Administered jointly through the federal and state governments to provide insurance to low-income individuals with limited resources, Medicaid covers the costs of hospital and physician’s visits. Medicaid may also include vision and dental care. Medicaid uses federally mandated asset rules to determine eligibility. To qualify for Medicaid benefits, applicants must prove access to limited assets and resources. The federal government requires states to try to recoup the medical costs expended to fund the Medicaid programs.
In 1993, Congress passed the Omnibus Reconciliation Act (OBRA) to help fund the Medicaid program. Under OBRA, states are required to recover expenses paid on a Medicaid recipient’s behalf if assets are available. Each state must implement asset recovery and mitigation plans to recover expended funds to cover Medicaid. Each state can recover assets from recipients who were over 55 years old when Medicaid help was given.
Trust and Estate Assets
Congress requires each state to look at all available assets when trying to recoup Medicaid funding. These requirements provide a way for states to recover Medicaid resources through trusts established by Medicaid recipients. Trusts benefiting a disabled individual do not count as recoverable assets.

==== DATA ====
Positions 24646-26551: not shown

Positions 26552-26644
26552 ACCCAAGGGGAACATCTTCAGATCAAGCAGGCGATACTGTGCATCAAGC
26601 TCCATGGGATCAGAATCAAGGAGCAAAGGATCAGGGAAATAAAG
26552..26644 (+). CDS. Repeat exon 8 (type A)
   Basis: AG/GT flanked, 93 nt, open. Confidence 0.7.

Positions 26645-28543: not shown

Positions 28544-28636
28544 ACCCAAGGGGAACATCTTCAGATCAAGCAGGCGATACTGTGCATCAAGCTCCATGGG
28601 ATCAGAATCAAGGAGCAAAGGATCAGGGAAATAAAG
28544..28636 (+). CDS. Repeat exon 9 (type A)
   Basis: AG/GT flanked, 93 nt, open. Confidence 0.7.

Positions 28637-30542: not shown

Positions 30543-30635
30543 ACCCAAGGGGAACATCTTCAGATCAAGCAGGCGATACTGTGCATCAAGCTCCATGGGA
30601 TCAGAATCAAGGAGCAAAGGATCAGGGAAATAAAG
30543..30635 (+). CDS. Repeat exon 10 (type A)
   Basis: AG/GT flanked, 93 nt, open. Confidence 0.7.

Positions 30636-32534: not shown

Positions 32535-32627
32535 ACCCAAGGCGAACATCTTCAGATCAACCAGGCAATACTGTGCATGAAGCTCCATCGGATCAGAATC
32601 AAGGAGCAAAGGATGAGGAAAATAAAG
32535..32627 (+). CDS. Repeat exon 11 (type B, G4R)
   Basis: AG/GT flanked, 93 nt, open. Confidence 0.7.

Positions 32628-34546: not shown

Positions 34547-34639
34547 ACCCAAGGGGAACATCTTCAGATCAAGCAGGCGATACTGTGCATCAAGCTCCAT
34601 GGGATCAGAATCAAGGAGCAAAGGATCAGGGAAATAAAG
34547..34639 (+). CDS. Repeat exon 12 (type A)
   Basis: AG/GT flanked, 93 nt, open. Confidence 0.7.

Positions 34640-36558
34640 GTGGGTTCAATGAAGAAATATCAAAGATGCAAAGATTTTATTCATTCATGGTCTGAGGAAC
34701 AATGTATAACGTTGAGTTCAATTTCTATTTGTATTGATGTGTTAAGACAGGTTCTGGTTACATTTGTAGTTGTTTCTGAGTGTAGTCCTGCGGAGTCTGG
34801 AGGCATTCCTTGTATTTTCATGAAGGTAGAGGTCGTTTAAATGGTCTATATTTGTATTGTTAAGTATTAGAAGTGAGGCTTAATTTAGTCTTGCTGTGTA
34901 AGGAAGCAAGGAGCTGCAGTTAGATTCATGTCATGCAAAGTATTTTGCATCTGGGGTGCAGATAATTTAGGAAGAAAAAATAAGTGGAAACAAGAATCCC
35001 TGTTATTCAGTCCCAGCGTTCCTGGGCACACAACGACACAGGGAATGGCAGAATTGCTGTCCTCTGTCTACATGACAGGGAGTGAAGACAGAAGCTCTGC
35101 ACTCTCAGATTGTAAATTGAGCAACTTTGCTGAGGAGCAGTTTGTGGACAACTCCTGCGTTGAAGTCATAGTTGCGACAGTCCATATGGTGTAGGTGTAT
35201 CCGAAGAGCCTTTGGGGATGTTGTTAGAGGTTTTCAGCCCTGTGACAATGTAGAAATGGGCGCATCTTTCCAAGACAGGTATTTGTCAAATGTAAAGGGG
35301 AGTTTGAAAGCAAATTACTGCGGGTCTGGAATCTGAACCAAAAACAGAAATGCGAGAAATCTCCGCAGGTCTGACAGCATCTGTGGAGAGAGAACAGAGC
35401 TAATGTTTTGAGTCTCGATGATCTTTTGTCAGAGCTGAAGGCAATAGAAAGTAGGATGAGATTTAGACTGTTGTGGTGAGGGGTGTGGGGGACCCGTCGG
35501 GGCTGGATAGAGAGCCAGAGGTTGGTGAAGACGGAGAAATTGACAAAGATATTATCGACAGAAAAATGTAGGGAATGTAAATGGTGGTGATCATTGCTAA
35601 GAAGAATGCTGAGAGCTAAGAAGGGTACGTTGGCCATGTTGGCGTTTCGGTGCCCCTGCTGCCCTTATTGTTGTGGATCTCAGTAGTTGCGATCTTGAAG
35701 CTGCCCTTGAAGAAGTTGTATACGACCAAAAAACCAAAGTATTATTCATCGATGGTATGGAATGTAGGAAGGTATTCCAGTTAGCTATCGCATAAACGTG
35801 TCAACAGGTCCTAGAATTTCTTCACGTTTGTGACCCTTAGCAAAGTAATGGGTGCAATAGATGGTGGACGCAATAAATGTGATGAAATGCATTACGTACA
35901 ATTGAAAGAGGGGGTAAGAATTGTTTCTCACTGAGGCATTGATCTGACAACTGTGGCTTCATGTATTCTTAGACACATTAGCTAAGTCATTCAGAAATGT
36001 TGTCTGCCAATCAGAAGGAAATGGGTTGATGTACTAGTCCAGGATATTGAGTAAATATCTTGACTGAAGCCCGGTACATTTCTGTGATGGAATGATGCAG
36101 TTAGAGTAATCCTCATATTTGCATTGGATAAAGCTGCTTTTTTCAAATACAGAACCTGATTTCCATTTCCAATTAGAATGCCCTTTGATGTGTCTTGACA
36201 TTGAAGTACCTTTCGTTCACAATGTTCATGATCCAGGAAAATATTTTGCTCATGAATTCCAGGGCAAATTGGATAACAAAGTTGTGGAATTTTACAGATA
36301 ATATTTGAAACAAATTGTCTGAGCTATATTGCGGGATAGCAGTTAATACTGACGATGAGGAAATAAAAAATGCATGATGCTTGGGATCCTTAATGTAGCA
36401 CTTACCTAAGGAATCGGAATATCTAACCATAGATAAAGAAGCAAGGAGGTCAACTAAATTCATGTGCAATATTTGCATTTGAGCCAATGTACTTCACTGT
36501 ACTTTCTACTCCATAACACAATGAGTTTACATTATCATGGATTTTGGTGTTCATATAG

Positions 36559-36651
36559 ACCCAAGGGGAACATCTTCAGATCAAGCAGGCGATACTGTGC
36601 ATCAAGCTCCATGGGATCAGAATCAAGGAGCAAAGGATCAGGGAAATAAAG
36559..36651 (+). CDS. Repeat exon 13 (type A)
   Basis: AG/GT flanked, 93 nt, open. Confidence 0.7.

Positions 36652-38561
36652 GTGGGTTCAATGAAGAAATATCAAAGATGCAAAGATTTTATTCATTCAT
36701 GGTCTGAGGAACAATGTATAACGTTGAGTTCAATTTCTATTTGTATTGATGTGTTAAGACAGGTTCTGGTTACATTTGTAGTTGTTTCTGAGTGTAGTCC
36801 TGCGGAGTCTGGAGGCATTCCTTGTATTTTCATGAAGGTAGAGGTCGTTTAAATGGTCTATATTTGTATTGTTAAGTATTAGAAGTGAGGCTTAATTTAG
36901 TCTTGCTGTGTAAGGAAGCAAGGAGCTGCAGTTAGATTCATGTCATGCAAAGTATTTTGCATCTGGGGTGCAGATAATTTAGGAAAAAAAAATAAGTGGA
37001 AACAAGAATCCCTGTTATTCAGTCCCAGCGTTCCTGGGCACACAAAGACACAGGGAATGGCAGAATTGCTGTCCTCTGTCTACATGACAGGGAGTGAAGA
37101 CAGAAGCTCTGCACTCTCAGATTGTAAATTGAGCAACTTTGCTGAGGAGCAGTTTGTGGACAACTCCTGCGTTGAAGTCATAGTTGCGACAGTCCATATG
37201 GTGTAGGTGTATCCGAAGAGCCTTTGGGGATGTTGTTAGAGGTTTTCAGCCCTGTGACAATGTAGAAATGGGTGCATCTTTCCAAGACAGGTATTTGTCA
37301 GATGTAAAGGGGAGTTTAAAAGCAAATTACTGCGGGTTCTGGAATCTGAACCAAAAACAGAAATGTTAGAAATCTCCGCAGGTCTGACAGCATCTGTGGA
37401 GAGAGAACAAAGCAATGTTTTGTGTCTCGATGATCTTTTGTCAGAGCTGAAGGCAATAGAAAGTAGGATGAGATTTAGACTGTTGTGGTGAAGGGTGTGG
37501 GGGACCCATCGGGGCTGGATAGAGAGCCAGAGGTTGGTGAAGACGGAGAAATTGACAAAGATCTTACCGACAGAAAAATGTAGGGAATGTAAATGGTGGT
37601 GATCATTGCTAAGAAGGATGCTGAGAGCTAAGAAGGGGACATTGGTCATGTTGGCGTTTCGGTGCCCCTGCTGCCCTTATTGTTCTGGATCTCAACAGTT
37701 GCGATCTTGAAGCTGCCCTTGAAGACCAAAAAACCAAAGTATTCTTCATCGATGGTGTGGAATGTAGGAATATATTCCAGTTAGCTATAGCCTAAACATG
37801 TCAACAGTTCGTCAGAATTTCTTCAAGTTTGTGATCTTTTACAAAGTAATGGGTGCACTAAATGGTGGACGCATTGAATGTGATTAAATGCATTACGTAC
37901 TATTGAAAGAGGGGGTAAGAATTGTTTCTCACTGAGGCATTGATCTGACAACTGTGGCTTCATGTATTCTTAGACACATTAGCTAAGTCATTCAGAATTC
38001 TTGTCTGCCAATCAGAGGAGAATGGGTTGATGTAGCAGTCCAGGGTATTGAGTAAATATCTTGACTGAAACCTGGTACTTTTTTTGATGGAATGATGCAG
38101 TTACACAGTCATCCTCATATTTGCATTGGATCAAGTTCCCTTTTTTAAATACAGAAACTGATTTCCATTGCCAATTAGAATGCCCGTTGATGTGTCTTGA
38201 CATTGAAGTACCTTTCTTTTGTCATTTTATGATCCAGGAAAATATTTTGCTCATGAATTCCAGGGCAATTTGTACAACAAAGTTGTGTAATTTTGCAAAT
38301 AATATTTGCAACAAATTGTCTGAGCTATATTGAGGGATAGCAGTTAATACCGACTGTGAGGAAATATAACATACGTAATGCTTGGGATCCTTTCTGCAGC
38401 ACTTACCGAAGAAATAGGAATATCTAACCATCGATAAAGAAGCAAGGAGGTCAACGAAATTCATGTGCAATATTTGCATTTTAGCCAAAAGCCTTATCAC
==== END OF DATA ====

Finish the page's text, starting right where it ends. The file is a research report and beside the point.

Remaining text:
Personal Property Assets
Personal assets including jewelry, heirlooms and clothing are recoverable. Medicaid rules allow the exclusion of one vehicle so long as it is used to transport the Medicaid recipient or the recipient’s dependents.
Real Property Assets
The recipient’s personal or primary residence is not a recoverable asset if the recipient’s spouse or dependent is still living in the home. However, if the Medicaid beneficiary is unlikely to recover from the illness, the home is an asset. The Deficit Reduction Act of 2005 (DRA) uses a $500,000 floor of asset recovery. Thus, assets under $500,000 are not recoverable.
Life Insurance Assets and Prepaid Funeral Homes
Prepaid funeral expenses are not recoverable under the Medicaid asset recover rules. Additionally, life insurance proceeds with a small value or payout are not recoverable.
Medicaid rules prohibit recipients from excluding assets from recovery within the three years prior to Medicaid coverage. States can use a three-year look-back rule to collect assets. Under this rule, states have three years from the beginning of institutional or hospital treatment or nursing home care to recover assets. Therefore, any shifting or transfer of assets, which occurred three years prior to the date of hospitalization, is recoverable. The exception to this rule is if the Medicaid beneficiary transfers property to a disabled or blind dependent, a child or a spouse. Medicaid rules prohibit transfers to evade laws.